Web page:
### Too many events all at once

Let’s assume that we want to stack two calendar blocks, `block_1`

starts at 12:30 AM and ends at 02:00 AM, and `block_2`

starts at 01:00 AM and ends at 01:30 AM. To simplify things however, let’s just use their start and end times as minutes i.e. an event that starts at 12:30 AM would just be starting at minute 30.

To display the blocks we’re going to use their start time as a top offset. Assuming that the day starts at minute 0, a block that starts at minute 30 will have a 30 px offset from the top. Keeping the page height in sync with the minutes in the day will make the offset math convenient.

### The recursion trap

Self-referential data types are more intuitive for modeling relationships between calendar nodes.

All calendar events can be represented by a handful of properties:

```
// using typescript to write pseudocode
interface CalendarBlock {
id: number
startMinute: number
endMinute: number
blockType: 'busy' | 'available'
children: CalendarBlock[]
}
```

Forward traversal can be achieved elegantly by:

```
currentBlock = currentBlock.children[0];
```

However, the Rust compiler needs to know the size of objects at compile time. As it’s impossible to determine the size of self-referential data types, we have to use `RefCell`

s to model the `CalendarBlock`

s.

Rust implementation of self-referential CalendarBlock:

```
enum CalendarBlockType {
Busy,
Available,
}
struct CalendarBlock {
id: u32,
startMinute: u32,
endMinute: u32,
blockType: BlockType
children: Vec<RefCell<CalendarBlock>>
}
```

I didn’t want to do that as it seemed “un-idiomatic”, and decided to use a separate adjacency list using Petgraph to store the calendar block tree instead.

### Adjacency List

Petgraph has a clean API and we’re going to use a directed graph to represent the calendar block tree.

So now the we can get rid of the `RefCell`

.

```
struct CalendarBlock {
startMinute: u32,
endMinute: u32,
blockType: BlockType,
}
type Weight = usize;
pub struct CalendarBlockTree {
root_idx: NodeIndex,
adjacency_list: Graph<u32, Weight>,
}
fn main() {
let calendar_block_1 = CalendarBlock {
id: 1,
startMinute: 30,
endMinute: 120,
blockType: CalendarBlockType::Available,
};
let calendar_block_2 = CalendarBlock {
id: 2,
startMinute: 60,
endMinute: 90,
blockType: CalendarBlockType::Available,
};
let adjacency_list = Petgraph::Graph::new();
let node_1_idx = adjacency_list.add_node(calendar_block_1.id);
let node_2_idx = adjacency_list.add_node(calendar_block_2.id);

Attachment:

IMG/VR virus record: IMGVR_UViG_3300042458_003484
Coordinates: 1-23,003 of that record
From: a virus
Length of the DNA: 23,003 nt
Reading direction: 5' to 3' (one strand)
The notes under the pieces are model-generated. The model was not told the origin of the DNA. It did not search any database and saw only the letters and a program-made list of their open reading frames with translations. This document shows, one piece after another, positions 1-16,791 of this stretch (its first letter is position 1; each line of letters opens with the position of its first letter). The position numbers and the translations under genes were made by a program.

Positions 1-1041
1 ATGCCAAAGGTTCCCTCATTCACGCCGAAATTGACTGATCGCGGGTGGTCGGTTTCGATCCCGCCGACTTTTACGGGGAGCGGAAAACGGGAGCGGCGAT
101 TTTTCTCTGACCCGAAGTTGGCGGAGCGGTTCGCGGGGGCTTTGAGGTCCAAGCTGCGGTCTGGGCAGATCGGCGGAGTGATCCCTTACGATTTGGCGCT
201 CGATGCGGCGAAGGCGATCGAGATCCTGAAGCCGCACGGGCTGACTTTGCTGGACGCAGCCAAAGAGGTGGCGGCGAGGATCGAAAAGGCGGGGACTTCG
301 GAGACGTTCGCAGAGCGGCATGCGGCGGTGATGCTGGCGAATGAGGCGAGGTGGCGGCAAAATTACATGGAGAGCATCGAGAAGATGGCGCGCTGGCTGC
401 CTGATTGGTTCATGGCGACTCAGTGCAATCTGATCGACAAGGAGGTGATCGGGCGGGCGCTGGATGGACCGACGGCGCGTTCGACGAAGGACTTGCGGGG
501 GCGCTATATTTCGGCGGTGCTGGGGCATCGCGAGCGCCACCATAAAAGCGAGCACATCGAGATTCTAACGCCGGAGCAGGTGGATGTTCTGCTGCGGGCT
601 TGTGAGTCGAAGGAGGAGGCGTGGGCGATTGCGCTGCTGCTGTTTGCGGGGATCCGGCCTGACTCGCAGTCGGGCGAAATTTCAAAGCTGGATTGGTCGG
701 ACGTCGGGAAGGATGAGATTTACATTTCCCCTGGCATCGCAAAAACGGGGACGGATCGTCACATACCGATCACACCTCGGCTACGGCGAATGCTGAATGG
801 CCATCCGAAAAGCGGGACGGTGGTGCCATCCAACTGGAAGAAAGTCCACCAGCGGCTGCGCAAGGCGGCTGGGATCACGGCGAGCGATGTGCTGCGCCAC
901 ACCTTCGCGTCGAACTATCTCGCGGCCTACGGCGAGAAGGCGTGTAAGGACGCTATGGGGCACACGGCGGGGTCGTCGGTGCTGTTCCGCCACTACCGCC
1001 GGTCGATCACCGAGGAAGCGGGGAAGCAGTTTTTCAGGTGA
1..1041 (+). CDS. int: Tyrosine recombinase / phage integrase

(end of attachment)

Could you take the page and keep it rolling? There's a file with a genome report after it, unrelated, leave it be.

// add_edge takes the source, destination, and weight as params
adjacency_list.add_edge(node_1_idx, node_2_idx, 1);
// now that the nodes and edges are in place we can instantiate our CalendarBlockTree
let calendar_block_tree = CalendarBlockTree {
root_idx: node_1_idx,
adjacency_list,
};
}
```

### Traversal

Petgraph’s `edges_directed`

API returns an iterator over `EdgeReference`

. `EdgeReference`

has methods to retrieve the `source`

, `target`

, and `weight`

of a particular edge. We can use `edges_directed`

to find edges in both directions forward and backward (used later).

```
let forward_neighbors_list: Vec<petgraph::graph::EdgeReference<usize>> = self
.adjacency
.edges_directed(destination, petgraph::Direction::Outgoing)
.collect();
// unwrap is a story we're not going to tell today
let node_index = forward_neighbors.first().unwrap();
let calendar_block_2_from_adjacency_list = adjacency_list[node_idx];
assert_eq(calendar_block_2.id, calendar_block_2_from_adjacency_list.id);
```

Forward traversal is useful for calculating stack position, and backward traversal is useful for calculating the sub-tree depth (also called height) of each node.

Our first algorithm does not require the sub-tree depth so we’ll start there.

### Stacking blocks

When populating the tree I had to make sure that the calendar blocks are added in the right place. For simplicity I populate the tree every time a block is added/moved. As the blocks get sorted before the tree is populated we can create the correct hierarchy using the following rules:

- compare the new block with existing blocks starting from the root
- if the events overlap the event that starts later will be deeper in the tree (as we start with a sorted list this will always be the new block)
- if the events do not overlap we check the next event in the list of neighbors for an overlap
- if no overlaps found the event gets added at the end (sorting helps here as well)

To determine whether a calendar block overlaps with another I added a method to the `CalendarBlock`

struct:

```
impl CalendarBlock {
pub fn does_overlap(&self, block: CalendarBlock) -> Option<CalendarBlockOverlap> {
if self.start_minute >= block.end_minute || self.end_minute < block.start_minute {
return None;
}
if self.start_minute > block.start_minute
|| (self.start_minute == block.start_minute && self.end_minute <= block.end_minute)
{
return Some(CalendarBlockOverlap::GetsSwallowed);
}
Some(CalendarBlockOverlap::Swallows)
}
}
```

### Calendar tree with stack position

This section is a WIP.